Stephen Strasburg will make two more starts, his final one on Sept. 12 in New York against the New York Mets, before he is shut down for the season, Nationals Manager Davey Johnson said following the right-hander’s start on Sunday.
In his first full season back from Tommy John Surgery, Strasburg, 24, has thrown 156 1/3 innings, including six dominant innings on Sunday. He struck out nine batters, allowed no runs, two hits and walked one batter.
Johnson said that Strasburg’s end could depend on how many innings he throws in each of the final starts. But this is the most definite end announced by the Nationals to date. Strasburg is averaging about 5 2/3 innings per start and with two more starts he would finish the season at about 168 innings over 29 starts.
His last home start would be Sept. 7 against the Miami Marlins.
Strasburg had Tommy John surgery to replace the ulnar collateral ligament in his right elbow September 2010 and the Nationals have said since before this season that the right-hander, a younger pitcher who has thrown more than he ever has in a season this year, would be held to an innings limit.
“We had our parameters in place at the beginning of the season, we had our philosophies and our protocols,” Nationals General Manager Mike Rizzo said following Sunday’s game, without giving a specific limit. “That seems like the right number of innings to end his season.”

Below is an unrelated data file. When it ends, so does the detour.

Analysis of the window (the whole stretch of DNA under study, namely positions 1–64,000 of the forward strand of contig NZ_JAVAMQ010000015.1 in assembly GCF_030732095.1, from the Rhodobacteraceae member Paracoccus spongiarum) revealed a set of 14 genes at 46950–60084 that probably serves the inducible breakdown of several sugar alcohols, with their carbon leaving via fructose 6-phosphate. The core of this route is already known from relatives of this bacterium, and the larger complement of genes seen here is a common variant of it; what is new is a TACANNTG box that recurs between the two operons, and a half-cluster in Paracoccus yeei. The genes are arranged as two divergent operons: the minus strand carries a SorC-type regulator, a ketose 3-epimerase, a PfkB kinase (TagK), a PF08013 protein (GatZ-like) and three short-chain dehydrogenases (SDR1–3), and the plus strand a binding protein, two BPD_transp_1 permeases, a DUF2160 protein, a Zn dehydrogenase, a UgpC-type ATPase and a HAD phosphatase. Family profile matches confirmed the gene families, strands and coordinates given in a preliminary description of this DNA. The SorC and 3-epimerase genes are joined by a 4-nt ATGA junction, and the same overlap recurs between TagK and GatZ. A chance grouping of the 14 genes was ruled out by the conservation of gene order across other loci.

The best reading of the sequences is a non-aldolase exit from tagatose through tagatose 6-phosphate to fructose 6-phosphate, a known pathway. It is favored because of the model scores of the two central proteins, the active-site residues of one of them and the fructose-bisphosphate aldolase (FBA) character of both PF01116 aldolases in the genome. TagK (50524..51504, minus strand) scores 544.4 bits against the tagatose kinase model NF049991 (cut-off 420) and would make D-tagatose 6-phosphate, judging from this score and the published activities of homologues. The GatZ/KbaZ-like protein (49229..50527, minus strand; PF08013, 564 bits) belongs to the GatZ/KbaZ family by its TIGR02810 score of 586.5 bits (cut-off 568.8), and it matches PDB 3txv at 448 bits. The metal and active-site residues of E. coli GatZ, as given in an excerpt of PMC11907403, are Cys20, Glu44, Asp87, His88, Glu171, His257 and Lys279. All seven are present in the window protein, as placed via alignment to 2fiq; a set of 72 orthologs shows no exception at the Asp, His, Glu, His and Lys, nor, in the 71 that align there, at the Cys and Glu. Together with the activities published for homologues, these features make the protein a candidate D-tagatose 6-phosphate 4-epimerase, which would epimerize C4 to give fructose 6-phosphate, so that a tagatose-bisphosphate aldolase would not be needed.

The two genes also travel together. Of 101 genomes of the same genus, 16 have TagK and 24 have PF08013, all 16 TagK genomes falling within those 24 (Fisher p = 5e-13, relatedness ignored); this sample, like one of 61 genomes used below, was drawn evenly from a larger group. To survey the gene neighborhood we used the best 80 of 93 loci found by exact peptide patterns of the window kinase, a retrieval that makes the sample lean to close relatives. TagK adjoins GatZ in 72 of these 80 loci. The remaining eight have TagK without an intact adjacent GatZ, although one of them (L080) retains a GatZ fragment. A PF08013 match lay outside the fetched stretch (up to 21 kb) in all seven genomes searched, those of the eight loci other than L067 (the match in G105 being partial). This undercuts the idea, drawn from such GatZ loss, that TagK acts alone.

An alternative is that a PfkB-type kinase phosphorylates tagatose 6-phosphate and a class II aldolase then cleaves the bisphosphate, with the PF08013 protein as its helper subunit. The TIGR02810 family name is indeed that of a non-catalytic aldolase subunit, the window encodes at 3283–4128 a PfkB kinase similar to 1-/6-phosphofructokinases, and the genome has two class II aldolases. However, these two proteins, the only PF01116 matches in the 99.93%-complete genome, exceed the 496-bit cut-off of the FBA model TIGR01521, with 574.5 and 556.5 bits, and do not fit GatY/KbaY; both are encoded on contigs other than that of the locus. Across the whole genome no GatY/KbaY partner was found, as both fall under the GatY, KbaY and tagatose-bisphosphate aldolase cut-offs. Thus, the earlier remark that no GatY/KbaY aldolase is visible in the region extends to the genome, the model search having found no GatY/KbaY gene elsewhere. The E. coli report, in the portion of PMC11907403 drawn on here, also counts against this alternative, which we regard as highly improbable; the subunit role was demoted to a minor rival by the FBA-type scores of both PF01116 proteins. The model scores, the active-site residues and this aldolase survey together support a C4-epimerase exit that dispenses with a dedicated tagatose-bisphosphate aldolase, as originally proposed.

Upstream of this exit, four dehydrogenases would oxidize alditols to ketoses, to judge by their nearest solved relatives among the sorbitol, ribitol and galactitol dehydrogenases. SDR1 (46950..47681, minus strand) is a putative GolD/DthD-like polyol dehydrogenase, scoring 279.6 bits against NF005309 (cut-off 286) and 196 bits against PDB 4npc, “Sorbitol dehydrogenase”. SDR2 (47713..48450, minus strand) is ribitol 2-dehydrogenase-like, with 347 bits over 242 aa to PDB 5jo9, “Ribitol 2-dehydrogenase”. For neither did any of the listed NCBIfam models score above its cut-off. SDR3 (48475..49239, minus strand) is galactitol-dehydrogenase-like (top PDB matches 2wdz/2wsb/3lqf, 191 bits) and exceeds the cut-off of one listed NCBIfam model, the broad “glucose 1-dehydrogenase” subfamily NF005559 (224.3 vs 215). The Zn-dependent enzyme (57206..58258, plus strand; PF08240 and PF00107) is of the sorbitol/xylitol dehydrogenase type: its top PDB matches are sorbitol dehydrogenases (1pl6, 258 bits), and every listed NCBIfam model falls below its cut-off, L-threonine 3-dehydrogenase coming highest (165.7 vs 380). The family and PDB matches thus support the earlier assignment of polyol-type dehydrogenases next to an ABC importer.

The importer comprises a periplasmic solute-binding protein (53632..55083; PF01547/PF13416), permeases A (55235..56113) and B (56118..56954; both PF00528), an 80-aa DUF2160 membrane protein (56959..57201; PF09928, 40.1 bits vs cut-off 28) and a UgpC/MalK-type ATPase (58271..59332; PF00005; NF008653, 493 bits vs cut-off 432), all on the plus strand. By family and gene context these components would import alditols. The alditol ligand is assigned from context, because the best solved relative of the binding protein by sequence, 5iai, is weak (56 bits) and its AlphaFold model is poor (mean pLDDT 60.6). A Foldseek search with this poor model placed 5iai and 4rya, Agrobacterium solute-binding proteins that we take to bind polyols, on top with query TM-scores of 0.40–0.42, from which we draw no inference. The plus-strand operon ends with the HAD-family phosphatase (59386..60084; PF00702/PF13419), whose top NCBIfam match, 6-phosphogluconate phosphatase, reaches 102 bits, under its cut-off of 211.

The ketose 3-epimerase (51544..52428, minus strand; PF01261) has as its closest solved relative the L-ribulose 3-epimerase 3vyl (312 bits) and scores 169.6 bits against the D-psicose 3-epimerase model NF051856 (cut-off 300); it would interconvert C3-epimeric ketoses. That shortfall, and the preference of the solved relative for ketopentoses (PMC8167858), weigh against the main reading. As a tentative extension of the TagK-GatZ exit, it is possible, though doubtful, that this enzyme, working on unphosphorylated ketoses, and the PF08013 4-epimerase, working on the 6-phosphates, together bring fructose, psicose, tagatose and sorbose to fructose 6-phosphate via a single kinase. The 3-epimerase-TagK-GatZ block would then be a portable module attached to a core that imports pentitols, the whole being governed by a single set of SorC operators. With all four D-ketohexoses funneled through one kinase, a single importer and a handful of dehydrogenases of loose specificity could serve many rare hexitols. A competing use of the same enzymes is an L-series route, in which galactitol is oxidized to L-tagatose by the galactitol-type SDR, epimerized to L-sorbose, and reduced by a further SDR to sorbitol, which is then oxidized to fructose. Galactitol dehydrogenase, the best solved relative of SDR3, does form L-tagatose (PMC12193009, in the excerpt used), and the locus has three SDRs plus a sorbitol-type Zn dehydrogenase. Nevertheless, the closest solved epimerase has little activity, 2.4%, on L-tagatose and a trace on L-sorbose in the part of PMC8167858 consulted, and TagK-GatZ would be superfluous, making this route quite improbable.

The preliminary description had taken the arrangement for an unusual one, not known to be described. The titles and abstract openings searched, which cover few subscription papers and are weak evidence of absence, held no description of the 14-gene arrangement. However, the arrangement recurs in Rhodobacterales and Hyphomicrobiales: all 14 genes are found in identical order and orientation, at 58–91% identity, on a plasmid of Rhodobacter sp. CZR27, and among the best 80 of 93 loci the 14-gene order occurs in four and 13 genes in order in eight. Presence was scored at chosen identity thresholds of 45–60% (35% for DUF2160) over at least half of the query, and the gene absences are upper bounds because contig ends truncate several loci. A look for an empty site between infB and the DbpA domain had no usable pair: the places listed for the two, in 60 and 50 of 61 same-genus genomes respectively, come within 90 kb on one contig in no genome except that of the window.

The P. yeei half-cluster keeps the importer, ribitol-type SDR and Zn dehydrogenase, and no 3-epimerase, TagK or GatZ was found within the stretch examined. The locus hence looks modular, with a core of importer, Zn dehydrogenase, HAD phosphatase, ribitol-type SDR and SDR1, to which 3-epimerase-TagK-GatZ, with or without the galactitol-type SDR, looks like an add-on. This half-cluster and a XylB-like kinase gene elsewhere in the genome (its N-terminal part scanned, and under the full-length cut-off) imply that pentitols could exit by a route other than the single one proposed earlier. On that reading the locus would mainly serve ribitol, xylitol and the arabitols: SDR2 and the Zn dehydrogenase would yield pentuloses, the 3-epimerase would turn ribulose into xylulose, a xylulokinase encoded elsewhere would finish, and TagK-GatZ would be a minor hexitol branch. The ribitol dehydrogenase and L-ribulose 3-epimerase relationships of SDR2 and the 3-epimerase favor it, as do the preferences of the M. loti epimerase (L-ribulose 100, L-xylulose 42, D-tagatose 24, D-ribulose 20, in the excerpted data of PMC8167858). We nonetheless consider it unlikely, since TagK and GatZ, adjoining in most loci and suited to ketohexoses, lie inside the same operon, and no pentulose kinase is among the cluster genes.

Strasburg offered a muted reaction to the announcement, possibly a little shaken by the news. “I’m just focused on the next start,” he said. “That’s all I can really focus on right now. But we’re going to have to have a sit down and talk here soon.”
Rizzo said that he hasn’t yet had a sit-down with Strasburg about when the end will occur. But he has long said that the final decision on when to shut down Strasburg was up to him, based on medical advice, and that he didn’t need to consult with the pitcher on when the end would occur.
“I don’t think he’s going to fight me on it, I think he’s going to be unhappy about it, I know he’ll be unhappy about it,” Rizzo said. “He is an ultimate competitor, but we’ve taken that out of his hands. This is a developmental decision and it ultimately falls on the doorstep of the general manager and we’ve made it. We’ve made it five months ago and we’re going to stick to it.”
Asked if it was hard to block out all the attention surrounding his impending end to the season, Strasburg was defiant again: “Not really. I just don’t have anything to say. I’m in it with these guys and we still got a long way to go but I’m going to fight with them ’til the end.”
The announcement was met by some teammates the same way they have handled it much of the season: they knew it was coming and they will handle it much like they have with other significant players who missed time because of injuries.
“It’s a decision they’ve made,” shortstop Ian Desmond said. “It’s obviously an educated decision and we know that we’re a good ball club with solid pitching top to bottom and we feel like we can win with anybody on the mound.”
Added Johnson: “We’ve faced adversity all year long. We didn’t have our cleanup hitter, we didn’t have our closer. We lost our starting catcher, we lost Jayson Werth for two months. That’s just the way this year’s been. … We’ve been through it. We had Jordan Zimmermann shut down, and last year at this time he was throwing as good arguably as anyone on the staff. We survived.”